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Putaputaweta


There is a very popular song beloved by parents of pre-school children that 
begins "There's a putaputaweta in the bush." You get the children to sing 
along with you when you take them on long bush walks, so they don't realise 
how far they are walking!!! The Maori name has a better ring to it for 
little tots to sing than "There's a Carpodetus serratus in the bush..." 
There are 4 growing nicely in my garden at the moment (C. serratus, not 
tots). All have self-seeded from outside the property, and I often find 
small seedlings when doing the weeding. The two larger trees have small 
cream flower buds at the moment near the tops of the trees, so perhaps I'll 
get some seed this year. If so, and Richard has no luck getting seed from 
Otari, I can send some. I can vouch for the very noticeable marbling on the 
young plant leaves.

My trees have never flowered before, and are only a few years old (perhaps 
5 or 6). They seem to grow faster than most other New Zealand native trees 
that I have growing here, and indeed have quickly outgrown imported species 
such as Liquidambar styraciflua which does not seem very happy with the 
soil conditions here and has struggled for 7 years so far.

Tim Dutton
"Raindrops", Main Road North, Kaitoke, Upper Hutt, New Zealand
(Latitude 41? 5' South, Longitude 175? 10' East)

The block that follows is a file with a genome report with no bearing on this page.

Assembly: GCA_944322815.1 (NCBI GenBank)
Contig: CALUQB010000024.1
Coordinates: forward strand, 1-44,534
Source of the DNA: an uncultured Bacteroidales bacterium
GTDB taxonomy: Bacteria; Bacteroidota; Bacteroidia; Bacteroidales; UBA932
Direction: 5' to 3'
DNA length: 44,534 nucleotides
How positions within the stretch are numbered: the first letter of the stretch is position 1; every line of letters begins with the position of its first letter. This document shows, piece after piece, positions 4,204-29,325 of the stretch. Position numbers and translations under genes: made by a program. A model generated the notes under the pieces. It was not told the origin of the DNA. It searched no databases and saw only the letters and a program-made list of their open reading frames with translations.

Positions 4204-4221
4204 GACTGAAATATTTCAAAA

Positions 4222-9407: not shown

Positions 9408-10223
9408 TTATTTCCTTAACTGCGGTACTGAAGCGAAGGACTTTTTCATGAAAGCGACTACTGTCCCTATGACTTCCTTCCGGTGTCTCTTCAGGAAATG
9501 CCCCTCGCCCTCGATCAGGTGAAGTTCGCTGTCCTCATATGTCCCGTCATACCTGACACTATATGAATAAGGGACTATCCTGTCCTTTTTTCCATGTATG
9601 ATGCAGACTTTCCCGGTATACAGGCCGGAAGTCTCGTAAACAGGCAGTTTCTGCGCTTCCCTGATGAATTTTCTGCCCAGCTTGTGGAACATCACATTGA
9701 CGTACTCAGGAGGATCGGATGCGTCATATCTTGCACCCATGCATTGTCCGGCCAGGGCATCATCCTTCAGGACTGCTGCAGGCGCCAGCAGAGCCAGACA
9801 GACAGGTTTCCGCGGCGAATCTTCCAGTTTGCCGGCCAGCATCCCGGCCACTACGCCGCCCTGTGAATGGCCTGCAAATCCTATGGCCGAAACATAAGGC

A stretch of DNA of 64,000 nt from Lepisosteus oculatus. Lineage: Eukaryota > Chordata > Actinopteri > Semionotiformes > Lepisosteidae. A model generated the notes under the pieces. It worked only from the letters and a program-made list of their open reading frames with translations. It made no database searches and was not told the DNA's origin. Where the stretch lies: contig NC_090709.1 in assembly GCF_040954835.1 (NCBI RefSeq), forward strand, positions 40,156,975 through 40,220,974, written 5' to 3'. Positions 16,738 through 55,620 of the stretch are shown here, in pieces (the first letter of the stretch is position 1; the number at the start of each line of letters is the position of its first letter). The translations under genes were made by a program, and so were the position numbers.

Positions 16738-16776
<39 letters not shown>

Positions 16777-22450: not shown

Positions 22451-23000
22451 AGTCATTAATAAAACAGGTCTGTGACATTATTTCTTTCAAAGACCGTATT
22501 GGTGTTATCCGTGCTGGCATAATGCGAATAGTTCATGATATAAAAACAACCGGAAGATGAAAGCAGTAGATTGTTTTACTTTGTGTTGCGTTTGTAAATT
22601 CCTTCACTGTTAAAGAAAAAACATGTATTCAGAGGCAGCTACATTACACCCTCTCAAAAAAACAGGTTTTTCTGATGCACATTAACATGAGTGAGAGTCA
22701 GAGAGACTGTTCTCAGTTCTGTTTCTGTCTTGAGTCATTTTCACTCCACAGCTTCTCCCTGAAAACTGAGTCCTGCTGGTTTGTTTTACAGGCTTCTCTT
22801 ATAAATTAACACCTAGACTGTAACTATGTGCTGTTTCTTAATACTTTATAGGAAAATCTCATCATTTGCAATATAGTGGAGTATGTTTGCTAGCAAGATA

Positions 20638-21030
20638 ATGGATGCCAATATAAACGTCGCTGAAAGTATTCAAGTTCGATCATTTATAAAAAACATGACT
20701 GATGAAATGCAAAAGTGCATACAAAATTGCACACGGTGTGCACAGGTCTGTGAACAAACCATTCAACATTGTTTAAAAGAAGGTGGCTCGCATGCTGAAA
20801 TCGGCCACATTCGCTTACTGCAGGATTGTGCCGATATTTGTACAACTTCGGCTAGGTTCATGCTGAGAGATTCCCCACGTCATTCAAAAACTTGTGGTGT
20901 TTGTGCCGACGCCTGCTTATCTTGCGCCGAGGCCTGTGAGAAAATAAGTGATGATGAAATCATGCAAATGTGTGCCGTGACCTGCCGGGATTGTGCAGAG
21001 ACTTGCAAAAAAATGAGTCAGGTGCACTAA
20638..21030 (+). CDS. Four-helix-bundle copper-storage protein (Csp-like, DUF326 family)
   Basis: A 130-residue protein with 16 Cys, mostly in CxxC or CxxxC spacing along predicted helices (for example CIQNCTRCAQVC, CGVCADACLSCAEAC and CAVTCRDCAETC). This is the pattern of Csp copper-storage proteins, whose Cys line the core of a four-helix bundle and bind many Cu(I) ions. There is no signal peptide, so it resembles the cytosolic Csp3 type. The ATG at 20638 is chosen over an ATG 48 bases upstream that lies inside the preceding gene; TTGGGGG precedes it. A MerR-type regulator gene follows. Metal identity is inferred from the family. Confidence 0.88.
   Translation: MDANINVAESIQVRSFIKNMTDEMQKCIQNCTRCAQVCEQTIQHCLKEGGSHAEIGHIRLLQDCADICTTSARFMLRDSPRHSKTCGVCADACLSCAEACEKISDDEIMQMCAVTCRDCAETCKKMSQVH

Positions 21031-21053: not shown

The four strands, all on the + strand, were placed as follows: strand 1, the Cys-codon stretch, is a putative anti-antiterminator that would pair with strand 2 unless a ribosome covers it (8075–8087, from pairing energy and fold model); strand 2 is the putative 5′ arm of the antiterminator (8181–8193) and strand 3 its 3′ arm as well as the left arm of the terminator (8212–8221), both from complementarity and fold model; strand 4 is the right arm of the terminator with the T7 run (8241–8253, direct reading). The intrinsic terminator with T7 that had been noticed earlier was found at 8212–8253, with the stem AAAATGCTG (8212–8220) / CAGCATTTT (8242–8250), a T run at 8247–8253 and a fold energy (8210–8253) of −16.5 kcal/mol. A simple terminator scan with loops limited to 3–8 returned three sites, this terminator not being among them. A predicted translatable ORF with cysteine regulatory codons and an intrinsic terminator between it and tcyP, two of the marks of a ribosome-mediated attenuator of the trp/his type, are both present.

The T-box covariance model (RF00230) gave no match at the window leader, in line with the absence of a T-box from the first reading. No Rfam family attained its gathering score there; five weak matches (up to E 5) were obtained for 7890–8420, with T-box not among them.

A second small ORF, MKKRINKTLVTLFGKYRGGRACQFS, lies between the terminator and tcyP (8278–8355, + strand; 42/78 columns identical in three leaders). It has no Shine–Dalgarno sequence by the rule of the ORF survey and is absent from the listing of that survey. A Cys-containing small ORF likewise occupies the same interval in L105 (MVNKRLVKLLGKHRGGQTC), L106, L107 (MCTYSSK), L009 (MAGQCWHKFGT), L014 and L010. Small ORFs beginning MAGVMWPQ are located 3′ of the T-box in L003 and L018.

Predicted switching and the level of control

Richard Starkeson wrote:
>The photo  I saw in my guidebook of
> this tree, didn't show the marbling of the leaf however.  I wondered if
> the new leaves just showed the marbling effect more stronly than older
> leaves, or leaves in a mature specimen.  Would really like to find out
> what it is for sure, and possibly obtain seeds for growing it here..

Moira wrote:

>Regarding the tree you enquired about, the ranger seems to have been
>bang on. An alternative name for Putaputaweta is _"Marble Leaf"_.
>As the leaf size you quote is at the lower end of the range it might
>have been a young tree. Juvernile leaves are notably smaller and a bit
>wider than the mature foliage. Foliage is described as dark green with
>lighter marbling, less obvious on older leaves. This marbling must be
>hard to photograph as it doesn't show up in the pics I have. Indeed even
>Audrey Eagle, whose paintings of NZ trees are so excellent also does not
>show it particularly clearly.
<snip>
>The best bet for obtaining seed would be to write to Otari. They are
>usually very obliging. If they have a fruiting specimen, they would
>almost certainly be willing to collect seed for you.





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